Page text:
“Function” is a vitally important concept in the scientific community. Scientists use it to describe and address a wide variety of research problems. In publications, however, scientists within and across disciplines interpret function differently. For example, intense controversy surrounds what percentage of the human genome should be deemed "functional” rather than “junk DNA.” In this essay, we analyze the use of function in the research of de novo gene birth, a budding scientific field that studies how novel genes can emerge in non-genic sequences. Our research team, composed of a rhetorical scholar, philosopher, structural biologist and systems biologist, crafts a taxonomy of how “function” is variously constituted in de novo gene birth publications, including as expressions, capacities, interactions, physiological implications and evolutionary implications. We argue function is shaped by the diverse onto-epistemological perspectives of scientists and is both a recalcitrant and resilient concept of scientific practice. Informed by Gilles Deleuze and Felix Guattari’s writings on a scientific mode of thinking, functions are time-space scales of objects under investigation that make possible references to scientific measurements.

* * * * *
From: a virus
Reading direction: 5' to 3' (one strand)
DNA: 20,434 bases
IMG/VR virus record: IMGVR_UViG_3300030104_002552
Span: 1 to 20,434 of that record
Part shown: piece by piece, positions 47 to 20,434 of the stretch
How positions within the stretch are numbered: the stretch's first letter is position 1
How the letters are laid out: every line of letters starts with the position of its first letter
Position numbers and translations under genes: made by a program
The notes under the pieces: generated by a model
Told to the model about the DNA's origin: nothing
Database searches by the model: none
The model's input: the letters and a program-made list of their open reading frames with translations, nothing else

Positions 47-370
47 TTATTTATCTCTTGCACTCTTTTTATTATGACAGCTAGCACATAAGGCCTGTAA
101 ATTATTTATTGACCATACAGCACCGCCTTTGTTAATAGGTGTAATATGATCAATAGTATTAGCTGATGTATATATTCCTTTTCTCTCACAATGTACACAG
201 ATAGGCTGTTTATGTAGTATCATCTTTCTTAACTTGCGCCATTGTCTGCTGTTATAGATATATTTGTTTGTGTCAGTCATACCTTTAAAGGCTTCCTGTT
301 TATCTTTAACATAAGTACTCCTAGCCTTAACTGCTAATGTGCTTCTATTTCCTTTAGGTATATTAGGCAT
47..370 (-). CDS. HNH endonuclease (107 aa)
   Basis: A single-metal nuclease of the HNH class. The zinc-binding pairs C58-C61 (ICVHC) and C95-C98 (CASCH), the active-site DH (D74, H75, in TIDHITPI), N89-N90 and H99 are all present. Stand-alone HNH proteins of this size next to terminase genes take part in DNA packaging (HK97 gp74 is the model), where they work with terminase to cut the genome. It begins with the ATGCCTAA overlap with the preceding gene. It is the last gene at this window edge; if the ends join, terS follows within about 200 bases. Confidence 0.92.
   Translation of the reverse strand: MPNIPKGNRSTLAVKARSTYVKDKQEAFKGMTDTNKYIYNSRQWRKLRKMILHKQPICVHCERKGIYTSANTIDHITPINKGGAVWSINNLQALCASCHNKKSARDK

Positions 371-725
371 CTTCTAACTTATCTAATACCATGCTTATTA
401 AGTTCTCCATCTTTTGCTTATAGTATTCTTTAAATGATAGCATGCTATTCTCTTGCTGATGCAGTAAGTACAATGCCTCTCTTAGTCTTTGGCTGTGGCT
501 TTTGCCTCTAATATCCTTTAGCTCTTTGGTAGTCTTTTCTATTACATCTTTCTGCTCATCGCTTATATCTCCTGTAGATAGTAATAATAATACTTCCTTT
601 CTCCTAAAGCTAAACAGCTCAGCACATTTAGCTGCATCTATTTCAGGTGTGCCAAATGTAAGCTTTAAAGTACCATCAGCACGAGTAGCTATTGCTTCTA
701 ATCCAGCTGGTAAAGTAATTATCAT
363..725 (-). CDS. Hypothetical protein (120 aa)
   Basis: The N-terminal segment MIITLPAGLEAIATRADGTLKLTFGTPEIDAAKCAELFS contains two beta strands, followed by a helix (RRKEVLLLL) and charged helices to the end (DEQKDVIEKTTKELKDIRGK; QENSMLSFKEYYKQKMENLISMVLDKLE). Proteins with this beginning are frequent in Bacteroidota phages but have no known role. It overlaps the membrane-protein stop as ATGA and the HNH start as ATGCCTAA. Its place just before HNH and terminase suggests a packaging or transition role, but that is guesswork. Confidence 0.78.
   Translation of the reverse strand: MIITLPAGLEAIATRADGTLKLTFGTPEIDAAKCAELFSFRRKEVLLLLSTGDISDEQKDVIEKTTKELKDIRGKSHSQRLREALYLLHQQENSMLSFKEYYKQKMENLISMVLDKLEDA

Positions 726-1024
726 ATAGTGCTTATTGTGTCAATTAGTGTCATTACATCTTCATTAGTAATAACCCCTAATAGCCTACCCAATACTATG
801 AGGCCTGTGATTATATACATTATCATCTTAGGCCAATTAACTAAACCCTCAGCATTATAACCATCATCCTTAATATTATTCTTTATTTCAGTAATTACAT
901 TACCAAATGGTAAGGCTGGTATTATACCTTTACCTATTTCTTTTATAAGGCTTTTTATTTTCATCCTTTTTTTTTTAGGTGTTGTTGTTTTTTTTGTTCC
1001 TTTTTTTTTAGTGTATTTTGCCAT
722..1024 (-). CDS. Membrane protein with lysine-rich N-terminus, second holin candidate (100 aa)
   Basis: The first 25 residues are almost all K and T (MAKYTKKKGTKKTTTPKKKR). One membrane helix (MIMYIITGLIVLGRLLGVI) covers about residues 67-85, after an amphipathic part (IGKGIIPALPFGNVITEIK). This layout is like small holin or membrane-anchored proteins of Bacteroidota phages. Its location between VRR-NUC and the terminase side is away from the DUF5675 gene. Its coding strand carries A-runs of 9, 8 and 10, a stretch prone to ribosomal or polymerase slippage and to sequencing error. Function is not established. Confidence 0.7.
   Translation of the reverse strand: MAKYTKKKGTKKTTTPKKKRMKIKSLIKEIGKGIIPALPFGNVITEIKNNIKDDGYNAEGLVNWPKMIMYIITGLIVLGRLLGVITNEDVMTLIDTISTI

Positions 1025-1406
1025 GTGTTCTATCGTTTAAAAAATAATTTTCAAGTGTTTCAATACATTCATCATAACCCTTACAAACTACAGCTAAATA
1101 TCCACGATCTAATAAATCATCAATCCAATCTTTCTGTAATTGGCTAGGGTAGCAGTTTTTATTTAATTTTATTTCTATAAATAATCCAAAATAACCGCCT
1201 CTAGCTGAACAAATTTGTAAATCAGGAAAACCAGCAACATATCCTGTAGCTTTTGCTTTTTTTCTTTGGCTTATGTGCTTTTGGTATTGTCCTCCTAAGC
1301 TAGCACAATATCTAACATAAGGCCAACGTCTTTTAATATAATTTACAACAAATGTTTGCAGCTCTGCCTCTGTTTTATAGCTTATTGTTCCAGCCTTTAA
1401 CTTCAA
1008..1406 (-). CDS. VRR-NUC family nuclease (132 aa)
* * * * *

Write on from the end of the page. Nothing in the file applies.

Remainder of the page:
Function, Evolution, Gene, Resilience, Recalcitrance, Scientific Practice, Rhetoric of Science
Keeling, Diane Marie; Garza, Patricia; Nartey, Charisse Michelle; and Carvunis, Anne-Ruxandra. "The Recalcitrance and Resilience of Scientific Function." Poroi 15, Iss. 1 (2020): Article 9. https://doi.org/10.13008/2151-2957.1299